Foreign Minister Winston Peters and Health Minister and Minister for Pacific Peoples Dr Shane Reti are reaffirming the importance of New Zealand’s connections to the Pacific by visiting Tonga, Cook Islands and Samoa this week.  “New Zealand enjoys strong and long-standing relationships with our Pacific partners - especially in Polynesia, where we ...
    BeehiveBy beehive.govt.nz
    2 weeks ago
  • Rt Hon Christopher Luxon – Waitangi speech
    E ngā mana, e ngā reo, e ngā iwi, rau rangatira ma. Tēnā koutou katoa. He tino mihi ki te mana whenua o tēnei rohe.  Mihi mai, mihi mai, mihi mai. Te whare e tū nei, tēnā koe.                               He-wāhi whakahirahira tēnei mō Aotearoa. Ka huri nga whakaaro, ki nga mate. ...
    BeehiveBy beehive.govt.nz
    2 weeks ago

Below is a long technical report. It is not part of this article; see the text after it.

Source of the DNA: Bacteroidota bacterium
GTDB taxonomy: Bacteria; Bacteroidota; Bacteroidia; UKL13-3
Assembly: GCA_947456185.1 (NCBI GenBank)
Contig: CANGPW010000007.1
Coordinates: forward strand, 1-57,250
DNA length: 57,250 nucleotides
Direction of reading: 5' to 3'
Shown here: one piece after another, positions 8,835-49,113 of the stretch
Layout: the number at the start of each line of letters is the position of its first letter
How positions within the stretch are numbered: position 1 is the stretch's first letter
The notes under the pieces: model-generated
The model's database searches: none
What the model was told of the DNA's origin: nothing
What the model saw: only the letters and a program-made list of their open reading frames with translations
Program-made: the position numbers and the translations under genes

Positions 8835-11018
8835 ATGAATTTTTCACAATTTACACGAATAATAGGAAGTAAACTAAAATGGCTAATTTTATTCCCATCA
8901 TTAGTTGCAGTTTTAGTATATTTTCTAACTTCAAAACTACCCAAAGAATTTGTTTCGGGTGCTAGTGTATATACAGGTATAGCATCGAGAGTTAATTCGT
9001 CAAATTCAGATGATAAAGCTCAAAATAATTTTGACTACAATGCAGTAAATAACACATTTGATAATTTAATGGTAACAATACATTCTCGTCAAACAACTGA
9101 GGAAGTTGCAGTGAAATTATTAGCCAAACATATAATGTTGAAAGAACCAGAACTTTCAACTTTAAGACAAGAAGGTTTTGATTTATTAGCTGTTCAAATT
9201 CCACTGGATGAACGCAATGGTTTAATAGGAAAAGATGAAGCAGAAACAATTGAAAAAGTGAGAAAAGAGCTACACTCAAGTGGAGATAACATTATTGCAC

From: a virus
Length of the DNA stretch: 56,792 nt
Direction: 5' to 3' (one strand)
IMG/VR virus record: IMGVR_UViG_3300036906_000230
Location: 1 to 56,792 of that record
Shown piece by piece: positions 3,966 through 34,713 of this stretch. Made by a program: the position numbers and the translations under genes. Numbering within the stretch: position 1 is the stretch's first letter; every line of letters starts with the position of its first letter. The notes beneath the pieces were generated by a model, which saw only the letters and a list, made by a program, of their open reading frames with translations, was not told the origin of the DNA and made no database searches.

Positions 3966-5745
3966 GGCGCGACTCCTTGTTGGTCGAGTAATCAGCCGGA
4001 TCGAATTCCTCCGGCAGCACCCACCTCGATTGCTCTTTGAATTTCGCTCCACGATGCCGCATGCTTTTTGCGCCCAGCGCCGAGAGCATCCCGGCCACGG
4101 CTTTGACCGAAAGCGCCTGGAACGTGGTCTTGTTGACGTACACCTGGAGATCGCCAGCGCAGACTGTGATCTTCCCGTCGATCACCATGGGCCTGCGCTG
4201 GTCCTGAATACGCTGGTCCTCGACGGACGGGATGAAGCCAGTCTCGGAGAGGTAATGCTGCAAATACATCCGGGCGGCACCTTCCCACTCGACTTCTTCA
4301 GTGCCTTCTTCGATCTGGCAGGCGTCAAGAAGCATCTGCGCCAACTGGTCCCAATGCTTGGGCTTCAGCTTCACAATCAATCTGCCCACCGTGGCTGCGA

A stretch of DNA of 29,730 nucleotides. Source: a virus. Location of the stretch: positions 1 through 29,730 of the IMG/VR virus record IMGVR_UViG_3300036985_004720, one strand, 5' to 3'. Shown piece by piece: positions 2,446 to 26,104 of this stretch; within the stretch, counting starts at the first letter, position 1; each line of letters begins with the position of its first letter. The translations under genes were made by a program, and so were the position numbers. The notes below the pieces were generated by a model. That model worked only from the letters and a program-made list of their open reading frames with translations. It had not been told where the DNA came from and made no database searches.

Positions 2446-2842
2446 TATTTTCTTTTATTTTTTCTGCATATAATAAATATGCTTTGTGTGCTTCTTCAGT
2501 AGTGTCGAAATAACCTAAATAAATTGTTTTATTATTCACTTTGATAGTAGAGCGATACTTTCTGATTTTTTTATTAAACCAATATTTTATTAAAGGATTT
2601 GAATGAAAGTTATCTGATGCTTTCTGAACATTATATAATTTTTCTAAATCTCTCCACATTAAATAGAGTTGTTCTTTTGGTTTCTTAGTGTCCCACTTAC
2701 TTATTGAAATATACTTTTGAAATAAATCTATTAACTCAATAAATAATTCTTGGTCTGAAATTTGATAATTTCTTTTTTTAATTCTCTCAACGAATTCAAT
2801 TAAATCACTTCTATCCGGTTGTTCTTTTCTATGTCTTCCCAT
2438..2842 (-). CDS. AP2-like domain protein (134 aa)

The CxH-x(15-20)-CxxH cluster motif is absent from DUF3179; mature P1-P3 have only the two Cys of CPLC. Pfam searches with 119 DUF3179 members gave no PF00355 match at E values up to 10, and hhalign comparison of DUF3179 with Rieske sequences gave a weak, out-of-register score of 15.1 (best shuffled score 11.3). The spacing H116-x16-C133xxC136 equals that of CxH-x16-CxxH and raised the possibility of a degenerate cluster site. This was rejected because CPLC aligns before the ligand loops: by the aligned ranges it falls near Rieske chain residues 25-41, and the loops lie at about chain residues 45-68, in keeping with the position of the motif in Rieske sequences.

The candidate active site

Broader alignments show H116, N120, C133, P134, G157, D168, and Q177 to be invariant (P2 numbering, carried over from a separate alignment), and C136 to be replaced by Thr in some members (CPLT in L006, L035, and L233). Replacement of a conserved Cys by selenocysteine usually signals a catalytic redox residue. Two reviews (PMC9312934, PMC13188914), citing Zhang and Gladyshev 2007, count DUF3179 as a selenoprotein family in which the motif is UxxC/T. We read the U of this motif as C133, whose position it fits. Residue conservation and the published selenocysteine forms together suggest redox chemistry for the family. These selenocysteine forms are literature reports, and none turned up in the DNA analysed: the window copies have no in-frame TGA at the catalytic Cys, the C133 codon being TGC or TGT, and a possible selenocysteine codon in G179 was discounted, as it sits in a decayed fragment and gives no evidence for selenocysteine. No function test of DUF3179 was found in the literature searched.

• Government awards primary sector scholarships to students
    Six university students studying agriculture and science have been awarded scholarships as part of the coalition Government’s efforts to boost on-the-ground support for farmers and growers. “The coalition Government is committed to improving support and operating conditions for farmers and growers,” Agriculture Minister Todd McClay says. “We’re backing a range ...
    BeehiveBy beehive.govt.nz
    2 weeks ago
  • High Court Judge appointed
    Attorney-General Judith Collins today announced the appointment of Wellington Barrister Jason Scott McHerron as a High Court Judge. Justice McHerron graduated from the University of Otago with a BA in English literature in 1994 and an LLB in 1996. From 1996 to 1999 he worked as a solicitor in the ...
    BeehiveBy beehive.govt.nz
    3 weeks ago
  • New Zealand provides further humanitarian support to Gaza and the West Bank